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3 FEBRUARY 2021 - Belem Cultural Centre - CCB, LISBON - (online event)
The Case for Sustainable Accounting Standards
When the planet faces big issues, scientists are the first to flag them, the first to understand them, the first to design solutions – sadly science is seldom at the table when business decisions are taken.
When the issues are simple, such as the ozone hole above Antarctica, scientists can get decision-makers to understand and act and we have Science to thank for the Montreal protocol: 20 years elapsed from discovery to inverting the trend – this speed is possible when the problem is simple: a single chemical reaction -ozone and chlorine- and a single culprit – man-made CFC gases. Climate change is very complex, there are multiple causes, the magnitude of change needed is massive and therefore cannot be solved without a transversal approach.
Scientists are not able to influence decision-making because they do not speak the language of business. Companies, CEOs, asset managers, shareholders, funds march to the tune of profitability, their language is that of financial performance – today’s accounting standards ignore externalities and measure business profit not accounting for the good and the bad impacts of business on society and on the environment.
Sustainable accounting standards that measure profitability adjusted for social and environmental impact is the necessary new common language if we are to ensure scientists, business and other stakeholders understand each-other. If we do not measure, we cannot manage. CFOs don’t know what is a mole of a newton, as much as most people in this room might not know what is EBITDA or an impairment. We must measure unambiguously the true and complete value of business. This measure of value added corrected for sustainability can connect to a measure of sustainable GDP of a city or of a country, which in turn can connect with the value of the world's ecosystem services and natural capital. Tracking this performance over time will allow to assess the trajectory of the health of our planet.
Sustainable accounting standards will drive business to hire new skills. Finance and controlling areas will recruit scientists, engineers, anthropologists, sociologists... Over time the Chief Financial Officer will see its role evolving to that of a Chief Value Officer.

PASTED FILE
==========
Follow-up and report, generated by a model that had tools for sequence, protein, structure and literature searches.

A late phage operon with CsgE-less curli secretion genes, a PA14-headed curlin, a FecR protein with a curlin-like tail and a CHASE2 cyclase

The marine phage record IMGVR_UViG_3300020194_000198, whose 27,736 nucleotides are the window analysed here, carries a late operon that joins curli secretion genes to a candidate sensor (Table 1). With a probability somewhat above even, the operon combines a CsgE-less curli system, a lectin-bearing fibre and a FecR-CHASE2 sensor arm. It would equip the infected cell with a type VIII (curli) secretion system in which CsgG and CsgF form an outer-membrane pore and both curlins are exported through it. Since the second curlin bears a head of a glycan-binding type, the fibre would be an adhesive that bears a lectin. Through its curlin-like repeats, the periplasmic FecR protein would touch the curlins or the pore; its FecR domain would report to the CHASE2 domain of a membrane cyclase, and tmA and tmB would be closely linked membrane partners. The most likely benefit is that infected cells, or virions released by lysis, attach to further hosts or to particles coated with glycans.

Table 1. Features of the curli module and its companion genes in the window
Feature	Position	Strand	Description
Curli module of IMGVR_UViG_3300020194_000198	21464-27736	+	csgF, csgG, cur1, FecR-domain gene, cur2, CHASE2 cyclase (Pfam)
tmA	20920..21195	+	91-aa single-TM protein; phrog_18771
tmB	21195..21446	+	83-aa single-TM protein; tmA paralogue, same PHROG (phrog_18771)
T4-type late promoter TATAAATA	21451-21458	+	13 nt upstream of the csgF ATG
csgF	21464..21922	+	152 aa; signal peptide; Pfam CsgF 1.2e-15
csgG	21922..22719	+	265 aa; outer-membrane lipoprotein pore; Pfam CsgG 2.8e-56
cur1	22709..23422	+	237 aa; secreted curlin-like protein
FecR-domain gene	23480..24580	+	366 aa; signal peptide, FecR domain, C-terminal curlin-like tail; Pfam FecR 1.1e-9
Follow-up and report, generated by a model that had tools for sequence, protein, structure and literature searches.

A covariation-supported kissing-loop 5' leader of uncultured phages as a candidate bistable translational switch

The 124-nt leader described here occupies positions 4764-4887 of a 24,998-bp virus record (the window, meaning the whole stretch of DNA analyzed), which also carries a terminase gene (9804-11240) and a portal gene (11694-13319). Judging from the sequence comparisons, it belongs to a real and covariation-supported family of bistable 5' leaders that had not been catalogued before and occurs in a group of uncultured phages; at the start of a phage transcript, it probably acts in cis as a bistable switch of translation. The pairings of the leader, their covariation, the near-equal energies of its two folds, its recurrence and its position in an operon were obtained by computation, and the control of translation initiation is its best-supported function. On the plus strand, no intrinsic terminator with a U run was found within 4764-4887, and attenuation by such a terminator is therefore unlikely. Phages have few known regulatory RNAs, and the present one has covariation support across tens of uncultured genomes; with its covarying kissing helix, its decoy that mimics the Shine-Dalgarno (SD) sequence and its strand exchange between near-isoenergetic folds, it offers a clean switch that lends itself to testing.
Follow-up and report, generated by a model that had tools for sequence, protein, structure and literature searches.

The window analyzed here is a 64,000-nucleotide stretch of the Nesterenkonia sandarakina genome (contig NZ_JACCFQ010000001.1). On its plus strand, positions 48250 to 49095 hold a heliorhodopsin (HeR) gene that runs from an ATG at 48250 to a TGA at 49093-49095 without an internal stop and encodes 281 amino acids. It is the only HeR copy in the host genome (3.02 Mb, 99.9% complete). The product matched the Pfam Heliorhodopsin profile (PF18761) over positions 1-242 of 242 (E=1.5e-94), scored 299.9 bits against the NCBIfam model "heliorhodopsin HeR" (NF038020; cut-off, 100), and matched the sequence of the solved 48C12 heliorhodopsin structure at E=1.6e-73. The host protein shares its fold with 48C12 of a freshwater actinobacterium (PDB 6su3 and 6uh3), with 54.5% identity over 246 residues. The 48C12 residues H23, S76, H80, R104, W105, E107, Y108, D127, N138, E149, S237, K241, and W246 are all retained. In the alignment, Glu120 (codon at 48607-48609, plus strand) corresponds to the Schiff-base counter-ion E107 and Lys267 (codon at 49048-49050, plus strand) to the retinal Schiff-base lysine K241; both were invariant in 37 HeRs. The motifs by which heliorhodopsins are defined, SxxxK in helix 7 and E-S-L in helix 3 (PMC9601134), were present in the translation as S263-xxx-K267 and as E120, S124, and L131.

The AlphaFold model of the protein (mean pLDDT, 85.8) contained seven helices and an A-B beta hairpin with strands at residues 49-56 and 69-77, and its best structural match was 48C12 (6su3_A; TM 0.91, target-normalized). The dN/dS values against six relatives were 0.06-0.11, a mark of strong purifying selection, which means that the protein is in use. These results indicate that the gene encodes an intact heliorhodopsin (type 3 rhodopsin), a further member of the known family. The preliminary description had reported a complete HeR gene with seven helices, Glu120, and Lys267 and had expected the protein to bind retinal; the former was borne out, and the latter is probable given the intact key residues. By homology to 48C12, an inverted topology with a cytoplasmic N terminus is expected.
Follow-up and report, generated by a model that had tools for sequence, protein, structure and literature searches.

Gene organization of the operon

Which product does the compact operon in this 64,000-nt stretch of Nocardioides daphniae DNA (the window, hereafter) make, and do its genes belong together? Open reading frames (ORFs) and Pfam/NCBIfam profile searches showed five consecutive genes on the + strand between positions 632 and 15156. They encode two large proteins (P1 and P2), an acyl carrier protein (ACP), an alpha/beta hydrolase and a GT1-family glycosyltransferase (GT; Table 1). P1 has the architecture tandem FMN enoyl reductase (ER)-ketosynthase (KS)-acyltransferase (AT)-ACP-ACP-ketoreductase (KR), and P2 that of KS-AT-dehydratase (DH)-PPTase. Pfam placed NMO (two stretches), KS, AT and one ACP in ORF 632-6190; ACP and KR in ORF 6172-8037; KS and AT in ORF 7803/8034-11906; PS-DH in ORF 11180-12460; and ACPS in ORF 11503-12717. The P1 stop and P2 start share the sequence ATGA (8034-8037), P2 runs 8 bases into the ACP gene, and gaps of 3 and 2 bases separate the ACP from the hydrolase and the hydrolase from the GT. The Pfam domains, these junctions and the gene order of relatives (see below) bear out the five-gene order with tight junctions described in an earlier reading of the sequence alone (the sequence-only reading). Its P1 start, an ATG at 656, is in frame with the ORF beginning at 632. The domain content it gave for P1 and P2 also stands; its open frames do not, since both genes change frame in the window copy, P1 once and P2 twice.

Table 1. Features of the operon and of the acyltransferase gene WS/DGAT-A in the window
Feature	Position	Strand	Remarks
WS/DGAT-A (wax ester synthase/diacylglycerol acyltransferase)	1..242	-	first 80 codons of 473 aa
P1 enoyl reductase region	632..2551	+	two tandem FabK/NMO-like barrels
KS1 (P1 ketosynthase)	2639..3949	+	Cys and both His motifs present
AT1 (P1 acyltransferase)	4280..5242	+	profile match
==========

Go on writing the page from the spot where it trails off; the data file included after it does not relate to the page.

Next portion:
If business adopts sustainable accounting standards, executives and shareholders will know the complete extent of their impact and the liabilities they face from exposure to climate change. No one can then plead ignorance. Taxation can take into account social benefits and environmental costs thereby driving desired behaviors. No amount of Science Based targets and Mission Oriented R&D projects can ever come close to the impact on Climate Change that Business harnessed by the right accounting standards can deliver by doing its day-to-day work in a manner that considers the people and the planet. Sustainable accounting standards will allow the market forces to drive decisions in the right direction.
Putting a man on the moon by the decade’s end, may be more inspiring than making every company in the EU to comply with Sustainable Accounting Standards. This may come across as a small step for the EU Commission to take, but it would be a giant leap for the planet.
How could Horizon Europe spur the innovations necessary not only to embrace sustainable accounting practices, but also make it possible for economic, business and investment actors to evolve the underlying logic of market capitalism to value natural, social and human capital on par with financial? Could the EU lead the world in this evolution during next 10 years?”
Lisbon, 3rd February 2021